Patrick Davitt -- Autonomous Research -- Analyst

Yes. Thanks very much.

Operator

We'll move on to John Dunn from Evercore.

John Dunn -- Evercore -- Analyst

All right. Thank you. And can you talk a little bit about some of the investments you're making in the intermediary channel, potentially looking at new vehicles, and also how those relationships are evolving?

Roger Thompson -- Chief Financial Officer

I think we're -- the product launches that we've made over the last few years and continue to make, particularly around getting the right instruments in the right vehicles around the world, and we've seen success there. Interestingly, looking at -- when we were at the Board yesterday, we were looking at where flows have come from. And they've actually -- a lot of flows are from products that didn't exist a few years ago. So the products we've launched over the last few years, whether they be vehicles of existing products, so take something like strategic income is a great product that's been sold in Europe. We launched it in the U.S. a year or so ago as Developed World Bond. That is now the third-largest selling fund in the U.S. We've talked about our ETF franchise, which is growing from a low base, but I think we've now got around $3.5 billion in ETFs. And JAAA, we're pretty excited about being -- that being another substantial product. Getting our global sustainable product launched in the U.S., obviously, where there is a lot of interest there on multi-strat products. So there is plenty of work going on both in terms of new product, but also making sure that we've got the right vehicles in the right places.

John Dunn -- Evercore -- Analyst

Got it. And then kind of a corollary to that. You mentioned customer experience, which is becoming more and more important. Could you give us a flavor of kind of what differentiates you guys in the different distribution channels in that vein?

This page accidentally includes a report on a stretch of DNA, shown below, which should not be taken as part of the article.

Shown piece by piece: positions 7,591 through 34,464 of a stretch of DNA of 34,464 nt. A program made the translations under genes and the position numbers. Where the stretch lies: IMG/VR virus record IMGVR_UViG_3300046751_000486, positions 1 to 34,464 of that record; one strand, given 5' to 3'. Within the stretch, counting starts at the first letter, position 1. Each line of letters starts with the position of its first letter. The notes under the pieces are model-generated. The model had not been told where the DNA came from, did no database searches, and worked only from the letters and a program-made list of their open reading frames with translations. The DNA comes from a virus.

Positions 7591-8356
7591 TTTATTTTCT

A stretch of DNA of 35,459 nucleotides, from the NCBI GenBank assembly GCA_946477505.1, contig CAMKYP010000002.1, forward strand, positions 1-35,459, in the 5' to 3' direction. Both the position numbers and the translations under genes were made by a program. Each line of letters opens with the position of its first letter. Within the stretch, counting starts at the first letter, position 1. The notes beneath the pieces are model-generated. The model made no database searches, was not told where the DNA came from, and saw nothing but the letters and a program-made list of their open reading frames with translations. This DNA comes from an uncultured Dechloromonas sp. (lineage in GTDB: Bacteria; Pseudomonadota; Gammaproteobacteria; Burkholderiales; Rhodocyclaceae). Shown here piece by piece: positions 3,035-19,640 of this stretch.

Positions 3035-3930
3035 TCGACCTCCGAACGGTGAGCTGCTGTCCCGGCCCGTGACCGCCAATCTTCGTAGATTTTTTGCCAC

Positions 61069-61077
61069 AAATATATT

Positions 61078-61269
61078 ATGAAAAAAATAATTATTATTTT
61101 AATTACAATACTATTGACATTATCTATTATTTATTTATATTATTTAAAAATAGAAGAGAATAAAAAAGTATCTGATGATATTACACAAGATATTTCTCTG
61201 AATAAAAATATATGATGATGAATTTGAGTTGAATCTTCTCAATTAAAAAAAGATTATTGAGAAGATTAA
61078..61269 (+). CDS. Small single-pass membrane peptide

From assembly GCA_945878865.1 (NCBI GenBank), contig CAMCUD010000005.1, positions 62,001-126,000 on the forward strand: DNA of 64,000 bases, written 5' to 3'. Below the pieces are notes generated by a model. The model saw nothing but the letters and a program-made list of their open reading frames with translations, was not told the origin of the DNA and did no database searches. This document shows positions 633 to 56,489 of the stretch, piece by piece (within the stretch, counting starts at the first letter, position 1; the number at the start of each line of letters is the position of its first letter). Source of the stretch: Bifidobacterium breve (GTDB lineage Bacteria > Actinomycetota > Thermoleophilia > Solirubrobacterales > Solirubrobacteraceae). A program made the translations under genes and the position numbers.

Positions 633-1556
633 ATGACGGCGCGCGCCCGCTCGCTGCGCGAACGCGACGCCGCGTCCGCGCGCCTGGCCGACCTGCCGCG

Richard M. Weil -- Chief Executive Officer

Yes. I think customers want -- they want investment excellence consistently. Second, they want the right information at the right time. Third, they want access to the real thought leadership of your firm that, in a convenient and easy format, that makes them better at their jobs, that enriches how they engage with their bosses and their clients and makes them better. And if they have a problem and a question or a complaint, they want you to deal with them as efficiently and friendly and effectively as is humanly possible. So at every stage of that, we've been investing in improving the technology to enhance our ability to do that, improving... [Technical Issues] to make sure that we are getting progress without disrupting the building momentum that we're feeling.

John Dunn -- Evercore -- Analyst

Got it. And then the increase in G&A and professional services quarter-over-quarter, did that have to do with this efficiency plan just because some of your peers we've seen been flat-to-lower in the COVID environment. So just wondering if we could get a little more detail on what drove that.

Roger Thompson -- Chief Financial Officer

No. Sure. There's a couple of things in there, partly that's FX. So sterling strengthened in the quarter against the dollar that comes through the revenue line and the cost line. So a part of that is that and a part of it is some one-off consultancy that we've -- that's around there, but not really around the investments that Dick's talking about. Now, we've been investing and we will continue to invest in the business that's built into the guidance we've got around us being lower than last year. And again, like I said, we'll continue to update guidance and we'll give you that at the end of the year.

John Dunn -- Evercore -- Analyst

Great. Thank you.

Operator

[Operator Closing Remarks]

Duration: 50 minutes

Call participants:

Richard M. Weil -- Chief Executive Officer

Roger Thompson -- Chief Financial Officer

Ken Worthington -- JPMorgan -- Analyst

Nigel Pittaway -- Citi -- Analyst

Brendan Carrig -- Macquarie -- Analyst

Ed Henning -- CLSA -- Analyst

Andrei Stadnik -- Morgan Stanley -- Analyst

Patrick Davitt -- Autonomous Research -- Analyst

John Dunn -- Evercore -- Analyst

More JHG analysis

All earnings call transcripts

AlphaStreet Logo

This article represents the opinion of the writer, who may disagree with the “official” recommendation position of a Motley Fool premium advisory service. We’re motley! Questioning an investing thesis -- even one of our own -- helps us all think critically about investing and make decisions that help us become smarter, happier, and richer.